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Judicial Watch: New Strzok–Page Emails Show FBI ‘Researched’ Trump’s Tweets

'When this eventually becomes public, it will be more picked over than even the Clinton investigation was...'

The biased FBI agents at the heart of the conspiracy to frame President Donald Trump on claims of Russian collusion also pushed investigations into Trump’s anti-Obama tweets according to a conservative accountability watchdog.

Judicial Watch announced its latest Freedom of Information lawsuit had yielded 323 pages of emails between FBI lovebirds Peter Strzok and Lisa Page.

Despite the agency’s effort at foot-dragging on the processing of the FOIA-requested emails, the new break could continue to add to the build up of public outrage as the Justice Department prepares for the imminent conclusion of a criminal probe by US Attorney for Connecticut John Durham.

It is not presently known whether Strzok or Page is a subject of that investigation or whether either has cooperated as witnesses in it.

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After then-candidate Trump issued a series of tweets on March 4, 2017 that he suspected the Obama administration had wiretapped him, three of the lead officials involved with the “Crossfire Hurricane” sting operation into Trump’s Russia contacts discussed “[d]oing some research” into the tweets.

Officials publicly denied the wiretapping, and some in the Obama administration and its leftist media allies mocked him for his paranoia, but the suspicion was later validated that the FBI was spying on at least one of his campaign officials, Carter Page—and likely many others.

The correspondence among the top officials reflects their awareness at the time of the “sensitivity” of the spying.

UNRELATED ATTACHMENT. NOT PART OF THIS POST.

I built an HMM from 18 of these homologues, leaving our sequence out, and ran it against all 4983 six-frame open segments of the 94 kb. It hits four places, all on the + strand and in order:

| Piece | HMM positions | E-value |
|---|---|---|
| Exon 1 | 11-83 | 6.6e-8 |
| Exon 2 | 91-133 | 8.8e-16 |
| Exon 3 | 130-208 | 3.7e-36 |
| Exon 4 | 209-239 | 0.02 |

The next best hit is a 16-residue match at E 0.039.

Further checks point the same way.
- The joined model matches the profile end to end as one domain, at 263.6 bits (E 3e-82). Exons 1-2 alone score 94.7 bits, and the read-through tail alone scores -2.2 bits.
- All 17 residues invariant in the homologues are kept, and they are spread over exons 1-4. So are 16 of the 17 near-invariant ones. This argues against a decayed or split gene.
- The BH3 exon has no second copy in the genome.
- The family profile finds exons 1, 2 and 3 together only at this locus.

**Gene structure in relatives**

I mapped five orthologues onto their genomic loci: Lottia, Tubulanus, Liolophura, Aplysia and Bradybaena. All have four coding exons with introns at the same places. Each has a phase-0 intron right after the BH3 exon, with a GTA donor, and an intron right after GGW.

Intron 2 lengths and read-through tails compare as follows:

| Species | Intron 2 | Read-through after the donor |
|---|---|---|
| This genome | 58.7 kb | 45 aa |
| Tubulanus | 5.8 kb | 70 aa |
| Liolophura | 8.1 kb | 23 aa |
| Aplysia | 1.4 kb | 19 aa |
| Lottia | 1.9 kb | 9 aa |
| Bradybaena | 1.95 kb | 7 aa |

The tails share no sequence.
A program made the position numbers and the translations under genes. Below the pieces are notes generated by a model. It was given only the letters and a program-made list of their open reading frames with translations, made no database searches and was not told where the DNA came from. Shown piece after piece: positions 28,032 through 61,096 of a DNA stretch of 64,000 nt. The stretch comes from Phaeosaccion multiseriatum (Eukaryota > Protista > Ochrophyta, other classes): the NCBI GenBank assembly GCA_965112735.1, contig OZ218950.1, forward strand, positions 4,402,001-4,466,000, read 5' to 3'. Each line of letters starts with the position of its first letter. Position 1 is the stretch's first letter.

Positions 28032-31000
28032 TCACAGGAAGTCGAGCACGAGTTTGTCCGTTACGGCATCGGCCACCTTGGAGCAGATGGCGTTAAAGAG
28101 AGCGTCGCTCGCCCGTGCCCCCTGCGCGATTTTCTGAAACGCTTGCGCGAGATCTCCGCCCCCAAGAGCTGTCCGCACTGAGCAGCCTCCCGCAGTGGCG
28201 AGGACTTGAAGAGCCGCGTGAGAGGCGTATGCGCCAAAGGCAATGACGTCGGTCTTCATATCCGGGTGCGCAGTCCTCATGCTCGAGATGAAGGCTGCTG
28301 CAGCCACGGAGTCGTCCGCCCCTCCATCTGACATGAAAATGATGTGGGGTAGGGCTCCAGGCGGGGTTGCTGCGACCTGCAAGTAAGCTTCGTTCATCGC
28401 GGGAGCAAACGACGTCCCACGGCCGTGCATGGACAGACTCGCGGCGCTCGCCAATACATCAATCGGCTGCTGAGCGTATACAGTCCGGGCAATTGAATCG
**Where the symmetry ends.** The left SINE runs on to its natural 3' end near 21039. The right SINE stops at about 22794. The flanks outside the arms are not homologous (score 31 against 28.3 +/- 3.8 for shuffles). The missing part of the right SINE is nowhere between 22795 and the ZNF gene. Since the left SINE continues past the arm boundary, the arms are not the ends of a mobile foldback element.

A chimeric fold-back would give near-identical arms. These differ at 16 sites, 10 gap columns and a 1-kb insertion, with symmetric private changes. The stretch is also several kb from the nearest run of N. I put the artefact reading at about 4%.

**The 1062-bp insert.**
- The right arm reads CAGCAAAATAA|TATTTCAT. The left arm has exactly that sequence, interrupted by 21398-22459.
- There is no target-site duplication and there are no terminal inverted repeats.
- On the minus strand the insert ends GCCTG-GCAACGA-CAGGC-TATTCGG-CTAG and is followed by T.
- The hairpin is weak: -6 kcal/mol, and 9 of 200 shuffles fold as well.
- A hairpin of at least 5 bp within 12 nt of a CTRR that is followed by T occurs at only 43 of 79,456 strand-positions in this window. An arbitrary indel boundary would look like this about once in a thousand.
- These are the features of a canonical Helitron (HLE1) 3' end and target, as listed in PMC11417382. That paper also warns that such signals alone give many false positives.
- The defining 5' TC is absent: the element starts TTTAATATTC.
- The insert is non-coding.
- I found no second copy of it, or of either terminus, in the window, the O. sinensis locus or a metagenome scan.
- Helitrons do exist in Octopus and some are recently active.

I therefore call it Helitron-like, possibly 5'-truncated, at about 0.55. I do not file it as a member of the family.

On March 22, in response to a CNN correspondent’s remark, “When this eventually becomes public, it will be more picked over than even the Clinton investigation was” Strzok, who oversaw both operations, confirmed “He’s right.”

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In fact, the email correspondence shows the agents’ deep reliance on the media—in particular outlets like CNN and the New York Times—which they were proven to have used in a sort of symbiotic manner, feeding the reporters selective leaks that the reporters would then use to further justify their pursuit of the investigation as a matter of public interest.

The agents frequently fretted over inaccuracies in the reporting while discussing briefings with key senators like Richard Burr, R-NC, who chairs the Senate Intelligence Committee; and former Sen. Claire McCaskill, D-Mo., who was a liaison to the agency.

After one error-ridden story in March, Strzok wrote to Page: “I believe [FBI public affairs flak] Mike [Kortan] already discussed with Lisa the need to bring the NYTs back in today for a short meeting.”

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